Byline: The Log Staff
SAN DIEGO — Carl Eichenlaub, well known for his skills at making boats go fast, and for making quick repairs when needed during Olympic sailing competitions around the world, died Nov. 29. He was 83.
Eichenlaub was born in 1930, the son of Carl M. Eichenlaub Sr. His father, who had served as chief draftsman and later became superintendent of San Diego & Arizona Eastern Railroad, was a local sailor and a past commodore of Mission Bay Yacht Club.
Early on, young Carl Eichenlaub displayed two impressive skills: music and sailing. He got his start in music in the San Diego High School Band — and went on to become one of the area’s best-known bassoonists, performing with several area orchestras throughout his lifetime. And he got his start racing in the junior sailing program at Mission Bay YC.
As a collegiate sailor at San Diego State University (where he graduated in 1953), he represented the Southwest in the inaugural Mallory Cup Regatta. He went on to win Lightning Class Worlds in 1960 and would continue participating in offshore races for most of his life.
While still in college, Eichenlaub started Eichenlaub Boatyard on Shelter Island. His yard quickly made a name for itself, producing many race-winning Snipes, Lightnings and Star class boats.
In 1965, Eichenlaub was profiled in Sports Illustrated, in an article written by Hugh Whall — who credited the then-34-year-old Eichenlaub with building the best Star boats in the world. His description of the witty, quirky boatbuilder and racer became legendary:
“Carl Eichenlaub’s friends sometimes refer to him as Eichenslob — and not without reason. He wears a T-shirt that Marlon Brando would hesitate to spit on, and his torn and stained blue jeans hang at least 3 degrees below the equator of his waistline. For years, nobody has known the precise color of his close-cropped hair, because it is invariably camouflaged by several coats of marine paint and is generously coated with sawdust… (and) the boatyard where Eichenlaub practices his art is not much tidier than its owner.”
However, the article went on to state, Eichenlaub’s boats were fast and flawless — and North Sails founder and world champion Star sailor Lowell North called him a genius. “Although some sailors on the East Coast may not agree, we on the West Coast know that he is the best.”
Eichenlaub’s best-known boats include the Doug Peterson-designed 35-foot One-Ton Nationals winner Ganabre, the Admiral’s Cup-winning Champagne, the Fastnet competitor Marlou and West Coast offshore racers High Roler and Swiftsure. He also built three offshore racers for himself — all named Cadenza, a musical term meaning an expressive passage by one instrument. Over the years, Eichenlaub competed in a variety of offshore races, including the Big Boat Series in San Francisco, the Los Angeles-to-Honolulu Transpac Race, Kenwood Cup racing and many Mexico races.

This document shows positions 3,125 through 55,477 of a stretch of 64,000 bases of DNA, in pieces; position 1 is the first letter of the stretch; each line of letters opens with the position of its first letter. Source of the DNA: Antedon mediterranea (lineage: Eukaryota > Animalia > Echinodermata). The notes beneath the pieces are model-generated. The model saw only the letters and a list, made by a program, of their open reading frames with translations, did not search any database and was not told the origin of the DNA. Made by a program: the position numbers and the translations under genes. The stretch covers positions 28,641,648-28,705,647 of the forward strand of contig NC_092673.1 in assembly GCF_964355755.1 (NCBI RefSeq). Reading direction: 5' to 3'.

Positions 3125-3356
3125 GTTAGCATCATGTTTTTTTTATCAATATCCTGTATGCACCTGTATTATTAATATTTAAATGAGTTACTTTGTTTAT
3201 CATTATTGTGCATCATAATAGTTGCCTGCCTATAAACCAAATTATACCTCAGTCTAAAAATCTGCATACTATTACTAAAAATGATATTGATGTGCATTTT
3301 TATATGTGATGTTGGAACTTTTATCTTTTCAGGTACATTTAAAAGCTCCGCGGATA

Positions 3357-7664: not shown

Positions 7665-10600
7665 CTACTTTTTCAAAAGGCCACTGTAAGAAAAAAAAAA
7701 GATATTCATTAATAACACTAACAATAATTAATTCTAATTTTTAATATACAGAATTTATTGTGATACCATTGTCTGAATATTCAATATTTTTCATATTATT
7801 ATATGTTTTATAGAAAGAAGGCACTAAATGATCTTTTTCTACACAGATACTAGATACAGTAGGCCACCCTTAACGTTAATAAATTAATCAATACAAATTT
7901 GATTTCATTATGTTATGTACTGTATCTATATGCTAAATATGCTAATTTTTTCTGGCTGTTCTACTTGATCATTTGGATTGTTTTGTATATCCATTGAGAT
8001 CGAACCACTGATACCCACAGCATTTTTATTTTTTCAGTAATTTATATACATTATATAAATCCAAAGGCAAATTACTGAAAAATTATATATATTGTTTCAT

Throughout seven Olympic Games, Eichenlaub served as the shipwright to the U.S. Olympic Sailing Team, bringing his own tools and expertise to venues throughout the world. He gained a reputation as something of a “miracle worker” for making fast repairs and adjustments on boats that had been damaged in shipment or were not yet optimized to race. And he was happy to make rapid repairs for other nations’ teams, should an emergency arise that threatened to knock them out of the competition.
In 2000, Eichenlaub was awarded US Sailing’s highest honor — the Nathanael Herreshoff Award — for his many contributions to the sport. He was also named to the Intercollegiate Sailing Hall of Fame.
National Sailing Hall of Famer and two-time Olympic Gold medalist Mark Reynolds has created a website called “Carl’s Cadenza,” in celebration of the memory of Carl Eichenlaub: sites.google.com/site/carlscadenza/. There, he has gathered memories and comments from Eichenlaub’s many notable friends in the sailing world, along with vintage photos.
America’s Cup-winning skipper Dennis Conner remembered his friend this way:
“Carl Eichenlaub was truly a genius. He could sail a bathtub down the San Diego River with a sheet as a sail. He built championship boat after champion boat for the Snipe, Lightning and Star class. He could play in the orchestra, build a railroad, invent a cedar-core spruce Star mast, go to the Olympics and not only repair the damaged U.S. boats, but help the entire fleet. He could build, paint and launch an ocean racing boat capable of winning the SORC — Stinger — in 30 days from start to finish. All this, as well as being a great sailor, winning championships from Sabot to Snipes to Lightnings. He inspired some of our very best sailors — Lowell North, Pete Bennett, Malin Burnham and Earl Elms — in San Diego. He will be remembered as being one of our greatest sailing talents, along with Lowell, Buddy and Bill Buchan. There will never be another Carl: He was simply the best!”
Eichenlaub is survived by his wife, Jean; his son, Brian; and his daughter, Betty Sue Sherman.
A memorial celebrating the life of Carl Eichenlaub is planned at 7 a.m. Dec. 12 at Red Sails Inn in San Diego. Those planning to attend are asked to RSVP to email@example.com.